I am grateful to my hon. Friend the Member for Lincoln (Mr. Carlisle) for raising this extremely important topic and especially for the lucid and persuasive way in which he put his case, the way in which he set out his three goals and the imaginative and compelling way in which he discussed those three possible approaches. I assure him that we fully share his keenness for competitive British goods not just to capture a larger share of world markets but to recapture a larger share of our home markets. The whole House knows that we must expand our industrial base if we are to secure for the United Kingdom the extra jobs and living standards that we want.After six years of steady growth, exports of manufactured goods are at an all-time record; and they look set to grow even further this year. Manufacturing industry should therefore grow faster than the rest of the economy. Britain's successes in exporting are well known and, of course, they are to be encouraged and applauded. But it must be remembered that a pound earned at home is of absolutely equal value to a pound earned abroad. Last year, as my hon. Friend reminded us, imports again grew faster than exports, with all the signs, I am sorry to say, that they will continue to do so this year. A sustained effort will be needed if we are to ensure that the growing demand in the home market is to be met by our own industry and not someone else's. It is true—I know that my hon. Friend will admit this—that most of the free world trading nations, even West Germany, which has been acknowledged as successful, import on a substantial scale. We have to import that which we cannot make. One of the regrettable elements to which my hon. Friend drew attention is the fact that, with the glut of imports, we have lost the capacity to make certain things in our own country. Even were the British people to be alerted in the way he suggested to the possibility of choosing a British product and testing its qualities against a foreign import, the British product simply does not exist. We all regret that. It need not necessarily be a permanent omission. British manufacturing is recovering at a fast enough pace for it to begin to look seriously at the possibility of returning to some of the markets and some of the products that it has had to cede in more difficult times. But that is a second stage. We have to lay the goundwork along the lines that my hon. Friend suggested. Of course, even when we can make certain things, there can be sound economic arguments that mean that it is preferable to import and to use our own resources for something that we do better. Of course, we cannot ignore the matter — I do not think for one moment that my hon. Friend intended to—of customer choice. But—I cannot emphasise this strongly enough—I recognise the concern about our level of imports and about whether employment opportunities are being put in jeopardy by the constantly rising level. Although many of my own instincts are to support a "Buy British" policy, I recognise that it will be effective only if it is equated with a customer's need to get value for money. Of course, protection is not necessarily the way to a better trading performance. Insulating domestic industries from the stimulus of international competition, as my hon. Friend properly reminded us, encourages inefficiency and resistance to change. But the Government have already put considerable effort into ridding British industry of such handicaps. Industrial relations are being transformed, and our reputation for quality is gradually and painstakingly being restored. Our policies derive from certainty that industry has to be competitive. We are therefore concerned to create the climate in which industry can thrive. I do not propose to drench my hon. Friend or the House with the statistics that we hear often enough about the progress that we are making, but the conditions in which British industry is now operating have improved out of all measure. When it comes to front-line action in making and selling goods, it is the responsibility of each supplier to make sure that he knows what the customer wants. That makes communication between buyers and sellers vitally important. In addition, the supplier must then try to match the quality, design, delivery and price expectations of the customer. Getting the communication right is not entirely a matter for suppliers. A great deal of power is wielded by purchasers, and the large ones especially have a responsibility to use that power effectively. The Government believe that it is in purchasers' own interests to use their commercial influence to help to improve the competitiveness of their suppliers. They stand to get better value for money, plus the cost and efficiency benefits of having a strong supplier base close at hand. That has certainly been the Government's approach to public purchasing. Our guidelines on public purchasing require public purchasers to secure best value for money. They remind public purchasers that, by deploying their massive purchasing power of £40 billion per annum on assets, goods and services to ensure the development of constructive buyer-supplier relationships, they can help to ensure that their own needs are met most cost-effectively and that the wider competitiveness of British industry is enhanced. In essence, we want public purchasers to buy products, processes and services that reflect the requirements, in terms and price, of world markets. We can all draw encouragement from the fact that our public purchasing is 95 per cent. British sourced. That shows that, even if the strict guidelines relating to the quality, delivery, appropriate meeting and conformity of needs are applied, and applied scrupulously, they do not necessarily exclude a 95 per cent. British purchasing content. The practices that public purchasers are asked to follow to achieve this include an early dialogue about their requirements with potential suppliers; encouragement of innovation; specifying requirements in performance terms rather than detailed design which may stifle innovation; framing specifications around appropriate standards to enable economies of scale and to help exports; encouraging suppliers to be assessed to British Standard 5750 — the standard for quality systems; and, where appropriate, insisting on independently certified goods to reduce in-house inspection costs and costly failures; maintenance of even ordering patterns to allow efficient production planning; and debriefing of suppliers on request. Similar initiatives are being taken by the more forward-looking parts of British industry. "Positive purchasing" is a phrase which is increasingly cropping up in discussions with companies. It describes a practical way of stimulating greater activity in the economy. Like the public purchasing initiative, it involves organisations in carefully examining their purchasing practices. The aim is to ensure that they are getting the best possible value from their suppliers in terms of quality, design, price and delivery. It involves them in developing constructive partnerships with suppliers which will encourage the development of more competitive products. This approach, if widely adopted, should provide opportunities for the purchasers to obtain better value for money and for British manufacturers to prove their worth and expand their markets. The retail sector in particular, with its enormous purchasing power, is potentially very influential. My colleagues and officials in the Department of Trade and Industry have been discussing these issues with the major retail companies. More generally, because positive purchasing policies must start from a commitment at the top, my colleagues are meeting the chief executives of major companies to encourage more to follow the good example of those, such as Marks and Spencer, which have combined a thoroughly commercial approach with very high levels of United Kingdom sourcing. The process of communication is also greatly assisted by the enterprise of such initiatives as Better Made in Britain and I was especially glad to hear the tribute paid by my hon. Friend to that organisation. Those exhibitions make an important contribution to getting across the message that the quality of British goods and the efficiency of British companies have improved faster than consumer's attitudes towards them. That change is the key to widening the awareness that I believe will achieve the results which we all want and which have been shown can be achieved in public purchasing. That is achieved by bringing the requirements of industrial purchasers and retailers to the notice of large numbers of suppliers. So far, the exhibitions have covered clothing, knitwear, footwear, home furnishings, lighting, carpets, furniture, textiles, do-it-yourself kits, building products and hardware. All those have been extremely effective in heightening the awareness of purchasers to British alternatives, often in cases where purchasers did not realise such alternatives existed until they attended the exhibition and realised the full scale of what was available. The "Think British" campaign to which my hon. Friend referred is also relevant. The campaign specifically aims to raise consumer awareness of the quality of British goods and to encourage consumers to seek out competitive United Kingdom products. My hon. Friend suggested an advertising campaign, and I like that idea very much. I can see that his challenge to those specialists who have made very large sums of money from advertising for various privatisation campaigns should be considered very seriously by those organisations and I hope that we will hear more about that idea. The Department is already supporting the "Think British" campaign to research ways of setting up a general advertising campaign. Where there is an element of direct Government support—as my hon. Friend is aware, and the House accepts with varying degrees of tolerance—that must be consistent with the treaty of Rome. It must draw consumers' attention to the quality of goods built to certain recognised quality criteria rather than relate them to any particular national origin. Industry, like the Government, is bound by its treaty of Rome obligations. We cannot discriminate, directly or indirectly, against the products of other member nations. Any advertising campaign which has Government sponsorship must have regard to those obligations. A great deal is being done, both by Government and by industry, to assist in the all-important process of communication between users and suppliers. I draw the House's attention also to the practical help my Department provides to companies which, in trying to match the expectations of their customers or potential customers, find that they need to improve the quality, design or marketing of their goods. In 1983 we launched the national quality campaign as part of our wider effort to increase the competitiveness of British industry. The aim was to produce in industry a total commitment to quality. After extensive launch promotions, the campaign concentrated on encouraging the total quality approach on a sectoral basis, and on companies interested in promoting quality with their suppliers and sub-contractors. The response from industry, particularly the willingness of management and others to work constructively together, with support from the Department of Trade and Industry, has been most encouraging. British industry has advanced in its recovery and the quality of its products is greatly improved, yet a certain hangover from earlier days, when people regrettably bought the foreign product because it was chic or fashionable to do so, still colours the attitude of consumers. All British manfacturers should return to their former practice of proudly and confidently marking the origin of their products. The imprint "Made in England" or "Made in Britain" has largely disappeared. One wag has said that it is more often found on goods from Taiwan than on goods made in Britain. An essential part of the campaign my hon. Friend suggested is for consumers to have all the help we can give them in determining whether products are made in England or Britain. The treaty of Rome does not prevent British manufacturers from marking the origin of their products. The reputation of manufacturers is such that they should consider this seriously. The House should be grateful to my hon. Friend for his service in putting the argument so succinctly. It is an important subject. I hope that he will remain in touch with me and my Department and that the original and imaginative challenge he threw down to the various advertising agencies will be considered seriously by them.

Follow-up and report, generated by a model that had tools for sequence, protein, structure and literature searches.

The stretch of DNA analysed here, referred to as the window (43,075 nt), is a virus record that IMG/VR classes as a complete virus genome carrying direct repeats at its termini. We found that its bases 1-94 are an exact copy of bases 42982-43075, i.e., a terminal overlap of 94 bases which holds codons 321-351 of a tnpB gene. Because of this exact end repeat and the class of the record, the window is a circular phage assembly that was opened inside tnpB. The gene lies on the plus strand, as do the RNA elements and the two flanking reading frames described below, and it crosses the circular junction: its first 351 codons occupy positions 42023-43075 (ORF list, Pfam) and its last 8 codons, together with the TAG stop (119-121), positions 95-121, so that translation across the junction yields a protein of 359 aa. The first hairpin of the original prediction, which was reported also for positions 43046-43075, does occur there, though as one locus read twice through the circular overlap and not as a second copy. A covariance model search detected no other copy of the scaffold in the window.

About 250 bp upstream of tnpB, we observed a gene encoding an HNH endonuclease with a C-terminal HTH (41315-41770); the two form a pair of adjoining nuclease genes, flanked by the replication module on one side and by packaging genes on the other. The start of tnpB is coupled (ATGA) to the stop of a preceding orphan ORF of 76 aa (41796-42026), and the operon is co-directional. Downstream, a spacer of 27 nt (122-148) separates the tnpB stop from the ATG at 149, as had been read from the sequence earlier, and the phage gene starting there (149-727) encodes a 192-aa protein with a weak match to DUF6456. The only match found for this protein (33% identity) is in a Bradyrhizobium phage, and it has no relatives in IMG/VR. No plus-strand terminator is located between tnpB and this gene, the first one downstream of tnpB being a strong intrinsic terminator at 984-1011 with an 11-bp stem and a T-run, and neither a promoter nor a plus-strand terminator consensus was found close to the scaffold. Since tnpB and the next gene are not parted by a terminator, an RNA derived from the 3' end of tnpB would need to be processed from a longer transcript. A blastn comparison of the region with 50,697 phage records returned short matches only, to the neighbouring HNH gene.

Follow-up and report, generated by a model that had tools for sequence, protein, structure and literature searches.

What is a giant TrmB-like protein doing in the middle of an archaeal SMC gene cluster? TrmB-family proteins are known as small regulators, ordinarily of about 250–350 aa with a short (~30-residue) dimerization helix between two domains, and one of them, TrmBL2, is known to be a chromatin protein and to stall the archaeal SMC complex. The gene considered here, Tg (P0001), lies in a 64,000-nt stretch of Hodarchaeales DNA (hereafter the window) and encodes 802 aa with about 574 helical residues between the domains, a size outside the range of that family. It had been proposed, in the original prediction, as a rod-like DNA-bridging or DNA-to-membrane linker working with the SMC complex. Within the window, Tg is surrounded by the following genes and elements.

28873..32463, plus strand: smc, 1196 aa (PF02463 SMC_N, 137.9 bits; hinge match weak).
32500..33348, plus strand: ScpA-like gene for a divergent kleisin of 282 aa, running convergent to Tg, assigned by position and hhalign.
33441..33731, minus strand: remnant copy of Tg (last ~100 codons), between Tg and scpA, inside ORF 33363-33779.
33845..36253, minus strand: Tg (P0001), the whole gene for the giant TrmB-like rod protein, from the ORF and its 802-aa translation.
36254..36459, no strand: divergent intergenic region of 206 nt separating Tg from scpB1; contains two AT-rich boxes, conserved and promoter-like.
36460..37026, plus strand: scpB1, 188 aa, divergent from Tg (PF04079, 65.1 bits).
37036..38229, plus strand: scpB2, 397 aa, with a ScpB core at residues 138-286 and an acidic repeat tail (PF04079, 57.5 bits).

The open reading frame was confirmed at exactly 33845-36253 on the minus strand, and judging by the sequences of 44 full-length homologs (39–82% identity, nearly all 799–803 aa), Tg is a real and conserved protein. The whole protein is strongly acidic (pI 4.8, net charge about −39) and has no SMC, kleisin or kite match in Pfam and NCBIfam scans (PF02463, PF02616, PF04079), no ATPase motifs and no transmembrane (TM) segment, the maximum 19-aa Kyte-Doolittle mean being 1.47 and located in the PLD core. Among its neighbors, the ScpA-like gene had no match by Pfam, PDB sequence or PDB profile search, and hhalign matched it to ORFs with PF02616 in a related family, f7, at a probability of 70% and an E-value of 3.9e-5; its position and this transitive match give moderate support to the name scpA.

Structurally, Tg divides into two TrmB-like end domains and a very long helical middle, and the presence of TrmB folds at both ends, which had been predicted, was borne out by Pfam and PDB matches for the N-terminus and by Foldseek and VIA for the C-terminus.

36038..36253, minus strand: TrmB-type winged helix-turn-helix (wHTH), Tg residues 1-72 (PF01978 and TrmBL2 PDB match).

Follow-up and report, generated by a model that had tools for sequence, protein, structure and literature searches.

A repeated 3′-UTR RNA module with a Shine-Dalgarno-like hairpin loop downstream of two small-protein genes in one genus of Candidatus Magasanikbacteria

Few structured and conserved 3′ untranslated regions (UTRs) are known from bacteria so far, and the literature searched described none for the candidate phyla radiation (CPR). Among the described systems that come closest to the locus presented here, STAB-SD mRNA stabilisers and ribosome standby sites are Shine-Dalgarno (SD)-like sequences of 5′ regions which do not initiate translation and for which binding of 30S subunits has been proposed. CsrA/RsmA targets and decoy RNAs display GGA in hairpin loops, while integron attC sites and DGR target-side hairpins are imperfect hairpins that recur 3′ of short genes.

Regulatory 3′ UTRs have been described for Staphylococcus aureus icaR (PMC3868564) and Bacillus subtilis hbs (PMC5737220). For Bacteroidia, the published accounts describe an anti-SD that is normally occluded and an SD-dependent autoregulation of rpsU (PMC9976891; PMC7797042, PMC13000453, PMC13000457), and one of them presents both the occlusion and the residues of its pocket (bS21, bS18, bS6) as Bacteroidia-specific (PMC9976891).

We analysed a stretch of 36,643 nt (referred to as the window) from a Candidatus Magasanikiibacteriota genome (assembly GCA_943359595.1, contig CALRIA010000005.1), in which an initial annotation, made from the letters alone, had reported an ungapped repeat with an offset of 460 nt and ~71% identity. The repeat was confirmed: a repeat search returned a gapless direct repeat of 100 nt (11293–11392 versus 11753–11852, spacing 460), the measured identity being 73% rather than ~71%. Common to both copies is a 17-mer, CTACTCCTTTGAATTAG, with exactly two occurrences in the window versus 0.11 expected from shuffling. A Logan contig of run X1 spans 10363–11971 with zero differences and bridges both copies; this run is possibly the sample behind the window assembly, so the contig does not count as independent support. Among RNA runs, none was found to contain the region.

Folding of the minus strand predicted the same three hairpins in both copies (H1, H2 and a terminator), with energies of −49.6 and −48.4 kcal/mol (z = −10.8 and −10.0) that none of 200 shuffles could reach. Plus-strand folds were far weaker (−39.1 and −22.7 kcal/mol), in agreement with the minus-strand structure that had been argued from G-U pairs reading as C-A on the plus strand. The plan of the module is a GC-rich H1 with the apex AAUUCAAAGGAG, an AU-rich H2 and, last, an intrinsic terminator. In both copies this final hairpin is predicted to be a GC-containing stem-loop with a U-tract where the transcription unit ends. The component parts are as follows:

Question put and agreed to.
Adjourned accordingly at twenty-three minutes past Nine o'clock.